Five Wildly Different Beaches You’ll Find in the U.S.

Think of a beach and you probably picture a big expanse of golden sand lapped by gentle aquamarine waves, tipped with delicate white froth. And while that’s exactly what some beaches look like, there are plenty more interesting and unusual examples out there.

You don’t have to venture far to discover a whole new world of beautiful sands.

While we know there are more beaches across America (for example, Florida’s gulf beaches are vastly different from the state’s Atlantic coast beaches), here’s a selection of beaches in the U.S., each one with totally different grains to wriggle your toes into.

The Florida Gulf Coast

Image courtesy Tourist Development Council, Walton County

The Emerald Coast of Florida, near the panhandle, is home to some of the most beautiful beaches in the world that look like they’ve been plucked straight out of paradise. The sugar-white sand so powdery and soft that it squeaks when you walk on it.

The fine, white sand originates from quartz that traveled all the way from the Appalachian Mountains.

This system of mountains in eastern North America was formed 480 million years ago and provided an excellent supply of quartz, which was washed down the Apalachicola River onto the banks of the Gulf Coast, creating loads of stunning beaches. Each grain of sand on the Gulf Coast forms the perfect oval shape, which makes the sand feel so soft you’d swear you were walking on clouds.

Texas

Texas certainly isn’t the first place that comes to mind when you think of beaches, but with a huge coastline that spans 367 miles, there are plenty of sandy spots in the Lone Star State. The sand in Texas is a lot darker compared to the Gulf Coast and almost muddy in color. But that’s not because it’s dirty, nor because of oil, so don’t listen to the rumors.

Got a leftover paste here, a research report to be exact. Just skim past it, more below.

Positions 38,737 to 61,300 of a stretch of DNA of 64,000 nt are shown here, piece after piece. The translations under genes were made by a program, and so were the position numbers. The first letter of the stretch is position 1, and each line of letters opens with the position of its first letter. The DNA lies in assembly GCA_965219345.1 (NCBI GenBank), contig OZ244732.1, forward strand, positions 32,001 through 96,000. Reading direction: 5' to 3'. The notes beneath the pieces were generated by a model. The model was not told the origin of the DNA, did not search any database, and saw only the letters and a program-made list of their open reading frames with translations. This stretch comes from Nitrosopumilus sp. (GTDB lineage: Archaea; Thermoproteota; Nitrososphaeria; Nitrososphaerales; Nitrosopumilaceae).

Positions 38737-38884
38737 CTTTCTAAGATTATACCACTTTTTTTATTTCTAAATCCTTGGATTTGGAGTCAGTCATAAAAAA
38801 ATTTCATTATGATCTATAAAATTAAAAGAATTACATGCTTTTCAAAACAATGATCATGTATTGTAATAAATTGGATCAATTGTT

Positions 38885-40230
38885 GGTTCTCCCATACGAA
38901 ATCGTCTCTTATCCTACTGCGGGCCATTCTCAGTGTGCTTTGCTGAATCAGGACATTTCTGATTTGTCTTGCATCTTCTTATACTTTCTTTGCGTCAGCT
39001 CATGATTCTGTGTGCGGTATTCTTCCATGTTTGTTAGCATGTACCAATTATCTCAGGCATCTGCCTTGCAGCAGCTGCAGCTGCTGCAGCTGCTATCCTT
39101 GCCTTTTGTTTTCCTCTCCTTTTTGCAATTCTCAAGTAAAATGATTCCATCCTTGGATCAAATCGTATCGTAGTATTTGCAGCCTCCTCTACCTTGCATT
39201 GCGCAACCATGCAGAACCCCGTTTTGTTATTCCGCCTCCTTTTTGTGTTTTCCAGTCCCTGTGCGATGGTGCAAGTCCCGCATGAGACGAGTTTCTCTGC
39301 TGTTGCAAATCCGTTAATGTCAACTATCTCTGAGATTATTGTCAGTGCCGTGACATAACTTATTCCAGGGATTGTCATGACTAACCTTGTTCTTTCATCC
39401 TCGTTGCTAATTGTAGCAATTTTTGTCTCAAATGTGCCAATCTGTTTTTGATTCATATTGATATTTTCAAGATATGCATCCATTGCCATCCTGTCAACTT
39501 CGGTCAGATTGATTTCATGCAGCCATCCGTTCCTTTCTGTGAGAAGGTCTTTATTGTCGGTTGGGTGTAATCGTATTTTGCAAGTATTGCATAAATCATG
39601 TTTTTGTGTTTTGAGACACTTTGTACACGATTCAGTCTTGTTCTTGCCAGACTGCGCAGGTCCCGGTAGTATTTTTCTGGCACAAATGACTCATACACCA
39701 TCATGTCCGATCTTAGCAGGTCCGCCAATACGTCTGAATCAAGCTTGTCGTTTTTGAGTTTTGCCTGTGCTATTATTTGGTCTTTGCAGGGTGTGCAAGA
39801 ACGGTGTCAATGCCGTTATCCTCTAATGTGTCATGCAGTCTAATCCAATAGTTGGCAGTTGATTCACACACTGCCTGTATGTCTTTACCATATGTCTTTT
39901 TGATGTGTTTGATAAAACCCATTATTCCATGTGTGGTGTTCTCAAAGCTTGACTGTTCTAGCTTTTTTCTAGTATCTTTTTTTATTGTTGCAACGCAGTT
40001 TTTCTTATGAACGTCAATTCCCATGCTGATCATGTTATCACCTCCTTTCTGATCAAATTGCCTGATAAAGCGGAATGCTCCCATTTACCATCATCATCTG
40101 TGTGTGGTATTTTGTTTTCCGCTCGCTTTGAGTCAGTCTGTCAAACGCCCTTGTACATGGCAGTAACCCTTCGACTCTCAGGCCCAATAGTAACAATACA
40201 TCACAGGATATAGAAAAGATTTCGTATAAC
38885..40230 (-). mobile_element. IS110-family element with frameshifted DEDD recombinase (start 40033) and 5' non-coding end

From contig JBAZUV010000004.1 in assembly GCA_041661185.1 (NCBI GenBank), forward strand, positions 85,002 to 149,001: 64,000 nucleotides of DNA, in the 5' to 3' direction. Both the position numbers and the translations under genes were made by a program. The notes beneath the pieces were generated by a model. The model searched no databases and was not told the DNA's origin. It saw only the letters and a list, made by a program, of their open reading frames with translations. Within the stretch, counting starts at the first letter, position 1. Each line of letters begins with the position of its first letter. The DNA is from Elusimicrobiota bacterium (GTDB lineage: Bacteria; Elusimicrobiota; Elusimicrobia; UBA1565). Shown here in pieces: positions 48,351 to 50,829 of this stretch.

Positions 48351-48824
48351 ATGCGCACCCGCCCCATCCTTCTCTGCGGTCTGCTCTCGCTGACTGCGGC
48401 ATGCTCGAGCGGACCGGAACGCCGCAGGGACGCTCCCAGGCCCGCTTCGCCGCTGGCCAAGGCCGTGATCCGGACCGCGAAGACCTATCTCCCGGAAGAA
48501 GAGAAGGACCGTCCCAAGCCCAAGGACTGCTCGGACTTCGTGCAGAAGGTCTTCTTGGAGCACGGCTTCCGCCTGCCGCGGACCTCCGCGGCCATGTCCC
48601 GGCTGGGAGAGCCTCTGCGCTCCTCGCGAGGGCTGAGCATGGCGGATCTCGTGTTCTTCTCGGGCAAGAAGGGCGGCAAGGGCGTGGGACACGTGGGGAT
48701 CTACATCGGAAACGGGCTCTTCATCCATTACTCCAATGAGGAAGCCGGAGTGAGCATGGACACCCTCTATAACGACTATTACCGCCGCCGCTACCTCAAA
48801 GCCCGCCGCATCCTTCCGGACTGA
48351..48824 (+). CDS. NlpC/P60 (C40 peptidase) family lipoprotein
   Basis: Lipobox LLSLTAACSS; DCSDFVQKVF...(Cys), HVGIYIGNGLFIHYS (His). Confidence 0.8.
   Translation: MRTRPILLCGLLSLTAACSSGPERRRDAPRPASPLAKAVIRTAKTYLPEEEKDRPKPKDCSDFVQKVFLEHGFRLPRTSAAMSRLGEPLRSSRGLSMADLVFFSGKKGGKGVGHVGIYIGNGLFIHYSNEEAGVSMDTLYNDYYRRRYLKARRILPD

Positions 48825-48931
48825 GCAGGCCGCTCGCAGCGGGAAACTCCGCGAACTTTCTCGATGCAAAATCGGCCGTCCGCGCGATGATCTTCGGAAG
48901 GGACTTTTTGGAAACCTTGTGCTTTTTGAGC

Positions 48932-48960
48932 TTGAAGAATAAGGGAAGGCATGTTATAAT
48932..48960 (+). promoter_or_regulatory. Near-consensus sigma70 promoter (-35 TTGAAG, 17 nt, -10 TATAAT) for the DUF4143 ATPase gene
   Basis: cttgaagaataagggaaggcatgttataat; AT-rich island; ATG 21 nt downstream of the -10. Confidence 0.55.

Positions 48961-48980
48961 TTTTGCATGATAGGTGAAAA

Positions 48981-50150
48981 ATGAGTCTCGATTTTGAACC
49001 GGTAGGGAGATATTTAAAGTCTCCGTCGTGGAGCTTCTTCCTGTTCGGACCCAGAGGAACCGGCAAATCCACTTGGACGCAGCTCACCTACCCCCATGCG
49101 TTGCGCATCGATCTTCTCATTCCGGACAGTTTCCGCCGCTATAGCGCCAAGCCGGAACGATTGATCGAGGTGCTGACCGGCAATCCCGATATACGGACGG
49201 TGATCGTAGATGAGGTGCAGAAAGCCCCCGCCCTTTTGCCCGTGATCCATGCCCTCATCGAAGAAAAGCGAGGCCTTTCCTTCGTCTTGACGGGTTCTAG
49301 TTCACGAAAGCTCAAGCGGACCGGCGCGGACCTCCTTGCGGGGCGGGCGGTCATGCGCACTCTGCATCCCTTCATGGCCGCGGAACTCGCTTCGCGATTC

The reason for the brownish color of the sand in Texas is because the grains came from the U.S. heartland through the Mississippi River.

In the river, the sand is washed with brown clay and dark mineral grains (such as charcoal and other organic matter) creating the rougher, brown, rocky sand you see on Texas beaches.

Hawaii

Things really start to get interesting when you look at Hawaii’s gorgeous beaches. The tropical island is home to two main types of beach – those made from black sand and those made from white sand. The black sand beaches are the result of the volcanic rocks that make up the islands being eroded by the sea over thousands of years.

But unlike the quartz that creates the beautiful beaches in Florida, Hawaii’s white sand beaches are made of something a little less appealing – a mix of marine organism skeletons and parrot fish poop.

Yes, you read that correctly! Just one parrot fish can produce as much as 840 pounds of sand in a single year by eating dead coral and digesting it.

California

One of the world’s most colorful beaches, Glass Beach in California, is made from millions upon millions of pieces of multicoloured glass from bottles and other types of trash.

But don’t worry about cutting yourself on the sharp edges – each piece has been crushed and smoothed by waves, resulting in a rather uncomfortable (but not in any way dangerous) place to lay down your towel.

So beautiful is this beach that people take the sand home by the bucketful, even though it’s strictly prohibited. You know what they say: “Take nothing but photos and leave nothing but footprints”.

Gulf of Alaska

Ocean Cape area, Gulf of Alaska. Photo courtesy: Mandy Lindeberg, NOAA/NMFS/AKFSC

Best known as “The place where two oceans meet”, the Gulf of Alaska is also remarkable because of its captivating gray sand. The best place to see the gorgeous gray color is around Yakutat, which is also one of the best surfing towns in the world.

This one-of-a-kind sand is the result of a blend of dark-colored minerals which contrasts with the amazing turquoise sea to create an Instagram-worthy shot from every angle.

Thousands of pieces of driftwood are also scattered across the beach, washed up by the sea during violent winter storms, adding to the mystical, enchanting vibe.

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NICOLA QUINN is a British freelance writer based on the island of Tenerife in the Canary Islands. During the week she knuckles down and gets the job done, but on the weekend she spends her time soaking up the sunshine on the little volcanic island she calls home.